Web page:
Most people would agree that there are some inherent problems in the construction industry. Projects too often go over time, over budget, and can lack innovation, productivity and efficiency.
There’s now a major drive coming from clients to shake-up procurement and business relationships and bring about lasting positive change in project delivery. It comes from the ICE’s Infrastructure Client Group (ICG) and is called Project 13. Its aim is to get the industry to operate on a more collaborative, long-term basis to become more productive and innovative, while developing a higher level of consistency and reliability. The ICG describes it as moving from a transactional to an enterprise business model – so what does this actually mean?
Under the transactional business model, the supply team on a project has its relationship defined by the transaction – the amount it is paid in exchange for the service it delivers. This, argues those behind Project 13, means that keeping down cost is the overriding factor for delivery rather than what is best for a project’s lifetime and outcomes. It is argued that if a supply chain works as an enterprise – everyone collectively working together as one business towards the project outcomes – the project will be more efficient, more innovative and more productive.
“Project 13 is about collectively working as a single enterprise, where each part of that enterprise knows how to contribute to the challenge and how we can find the right solution to achieve the right outcome for the customer stakeholder,” says Mace chief executive Mark Reynolds, who is part of the Project 13 team.
“Our current approach to delivering infrastructure is at best questionable,” he continues, referring to the sector at large. “We develop solutions before properly considering the outcomes we want to achieve. We then try and design something that hopefully meets the brief, then we put out the budget based on past performance data, and then we add on optimism bias. Need I say more.”
Reynolds went on to say that the procurement process “takes forever and costs everyone a fortune,” and is based on detailed specifications rather than outcomes. In addition he says risk is pushed down the supply chain and bureaucracy results in “everything getting lost in translation”.
“Then five, maybe 10 years later, when we’ve finally finished our fantastic new shiny infrastructure, what have we actually produced? The project doesn’t exactly meet the needs and it’s barely recognisable from the concept that was announced with great fanfare years earlier and, disappointingly, the supply chain has lost millions of pounds in the process. This cannot continue, if we don’t change we won’t have an industry,” says Reynolds.
“Today it’s time for all of us to embrace this change but how do we affect that change? Clearly we must do it ourselves and we must do it quickly.”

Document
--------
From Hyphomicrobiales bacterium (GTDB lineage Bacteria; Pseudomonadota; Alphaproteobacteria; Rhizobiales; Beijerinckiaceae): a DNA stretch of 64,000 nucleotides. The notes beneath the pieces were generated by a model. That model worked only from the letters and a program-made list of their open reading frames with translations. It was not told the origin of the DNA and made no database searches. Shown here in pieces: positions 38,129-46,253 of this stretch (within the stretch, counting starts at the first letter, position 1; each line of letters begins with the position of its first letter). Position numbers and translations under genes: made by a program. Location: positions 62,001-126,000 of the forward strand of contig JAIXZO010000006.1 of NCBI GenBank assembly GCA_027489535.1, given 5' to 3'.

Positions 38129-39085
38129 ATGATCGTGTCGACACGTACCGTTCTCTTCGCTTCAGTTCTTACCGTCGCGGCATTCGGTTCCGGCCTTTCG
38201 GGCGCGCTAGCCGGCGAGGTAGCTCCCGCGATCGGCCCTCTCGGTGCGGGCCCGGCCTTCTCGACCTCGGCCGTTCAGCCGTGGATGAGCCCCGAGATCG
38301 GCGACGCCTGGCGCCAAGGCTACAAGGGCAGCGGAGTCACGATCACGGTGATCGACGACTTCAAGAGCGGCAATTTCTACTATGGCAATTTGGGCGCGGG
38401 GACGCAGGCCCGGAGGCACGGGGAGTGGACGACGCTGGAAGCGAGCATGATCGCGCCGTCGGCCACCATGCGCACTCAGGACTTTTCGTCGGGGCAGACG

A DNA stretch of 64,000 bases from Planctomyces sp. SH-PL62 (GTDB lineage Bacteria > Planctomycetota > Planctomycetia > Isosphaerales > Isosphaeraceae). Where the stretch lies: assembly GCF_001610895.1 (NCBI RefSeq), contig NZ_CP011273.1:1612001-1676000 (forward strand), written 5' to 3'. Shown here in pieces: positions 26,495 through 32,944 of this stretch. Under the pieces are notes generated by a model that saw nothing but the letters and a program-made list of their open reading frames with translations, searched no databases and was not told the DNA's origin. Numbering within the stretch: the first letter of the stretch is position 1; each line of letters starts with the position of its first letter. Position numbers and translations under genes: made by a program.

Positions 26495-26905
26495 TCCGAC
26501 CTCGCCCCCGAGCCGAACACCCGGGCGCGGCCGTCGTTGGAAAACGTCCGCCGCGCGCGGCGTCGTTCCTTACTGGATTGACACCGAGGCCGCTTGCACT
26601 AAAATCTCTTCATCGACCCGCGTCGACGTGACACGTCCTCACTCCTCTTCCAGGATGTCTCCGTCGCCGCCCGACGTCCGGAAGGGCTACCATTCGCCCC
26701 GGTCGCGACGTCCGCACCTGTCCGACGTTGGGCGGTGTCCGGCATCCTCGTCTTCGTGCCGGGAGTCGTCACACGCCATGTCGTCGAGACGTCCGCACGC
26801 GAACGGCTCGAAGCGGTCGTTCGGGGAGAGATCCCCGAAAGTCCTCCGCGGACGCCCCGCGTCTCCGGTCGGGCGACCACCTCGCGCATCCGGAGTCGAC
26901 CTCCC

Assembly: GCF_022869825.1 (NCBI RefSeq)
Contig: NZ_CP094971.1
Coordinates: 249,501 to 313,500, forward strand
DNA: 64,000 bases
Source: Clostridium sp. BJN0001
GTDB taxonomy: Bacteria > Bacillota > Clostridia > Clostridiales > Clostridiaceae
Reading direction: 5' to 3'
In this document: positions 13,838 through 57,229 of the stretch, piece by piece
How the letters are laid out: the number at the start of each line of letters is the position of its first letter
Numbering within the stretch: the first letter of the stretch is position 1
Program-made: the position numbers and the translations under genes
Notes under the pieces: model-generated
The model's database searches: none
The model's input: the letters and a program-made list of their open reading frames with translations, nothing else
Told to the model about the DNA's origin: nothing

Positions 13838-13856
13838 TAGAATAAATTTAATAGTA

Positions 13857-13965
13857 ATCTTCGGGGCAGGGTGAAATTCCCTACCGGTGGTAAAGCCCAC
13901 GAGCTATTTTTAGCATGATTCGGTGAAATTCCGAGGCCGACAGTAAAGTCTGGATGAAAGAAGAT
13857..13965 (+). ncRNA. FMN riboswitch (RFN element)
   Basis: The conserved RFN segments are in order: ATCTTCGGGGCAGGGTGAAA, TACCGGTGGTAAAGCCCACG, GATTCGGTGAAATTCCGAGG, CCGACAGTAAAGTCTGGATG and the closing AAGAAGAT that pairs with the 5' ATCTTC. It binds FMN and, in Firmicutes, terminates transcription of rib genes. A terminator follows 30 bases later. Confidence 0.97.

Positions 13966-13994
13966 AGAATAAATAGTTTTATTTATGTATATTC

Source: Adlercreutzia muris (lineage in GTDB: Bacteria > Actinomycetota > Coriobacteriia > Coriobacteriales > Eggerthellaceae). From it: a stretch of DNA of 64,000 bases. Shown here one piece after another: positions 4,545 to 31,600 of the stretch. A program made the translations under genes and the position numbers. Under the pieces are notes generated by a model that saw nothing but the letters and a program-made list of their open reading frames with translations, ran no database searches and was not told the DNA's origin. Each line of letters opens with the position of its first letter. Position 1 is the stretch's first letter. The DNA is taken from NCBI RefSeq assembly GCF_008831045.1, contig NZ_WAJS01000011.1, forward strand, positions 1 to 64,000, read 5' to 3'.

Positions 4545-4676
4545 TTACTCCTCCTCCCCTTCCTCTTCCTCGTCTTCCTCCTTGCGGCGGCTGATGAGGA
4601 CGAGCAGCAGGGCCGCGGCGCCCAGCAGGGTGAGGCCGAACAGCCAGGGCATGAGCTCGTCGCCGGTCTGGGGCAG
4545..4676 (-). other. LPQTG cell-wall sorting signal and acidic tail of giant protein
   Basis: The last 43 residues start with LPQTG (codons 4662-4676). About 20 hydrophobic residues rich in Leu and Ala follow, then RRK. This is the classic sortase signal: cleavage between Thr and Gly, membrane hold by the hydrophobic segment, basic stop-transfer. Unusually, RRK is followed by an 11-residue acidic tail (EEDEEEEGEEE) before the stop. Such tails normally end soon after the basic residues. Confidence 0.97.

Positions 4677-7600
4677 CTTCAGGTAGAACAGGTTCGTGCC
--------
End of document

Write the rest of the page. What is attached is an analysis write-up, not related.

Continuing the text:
Rather than specify the change that needs to be carried out and leave it at that, the team behind Project 13 intends to walk the sector through it so that change will become sustainable.
This is where it is calling for engineers to help. Project 13 wants the profession to get involved, help develop concepts, test and challenge ideas and create a new business model – in particular it wants future leaders to get involved.
Speaking at the launch, Highways England chief executive Jim O’Sullivan said that the estimated value of the work in RIS2 will be around £20bn, but to move to a more productive and enterprising form of project delivery needs collaboration throughout the industry. “We can’t turn this supertanker alone, no one can.”
By March next year it hopes to produce products and tools to help businesses achieve change, including a blueprint for transformation and developing training, mentoring and peer reviews.
Anglia Water’s @onealliance director Dale Evans, who is also part of the Project 13 team, says: “We believe we can deliver more effectively through integrated, collaborative enterprises.
“You don’t go home on a Friday working on a transaction and then come in Monday to an organisation that’s suddenly an enterprise and works differently. The whole concept of the journey seems to have resonated, so we have taken that as part of our lead for the organisational workstream, and we’re going to provide a roadmap which effectively sets that journey out.”
But it’s not just the industry that Project 13 is calling on to help. The government must play its part too.
“They can help us on our journey by committing to a policy that specifies outcomes and engaging the supply chain for advice before announcing delivery mechanisms, timescales and costs,” said Reynolds.
Find out more at ice.org.uk/project13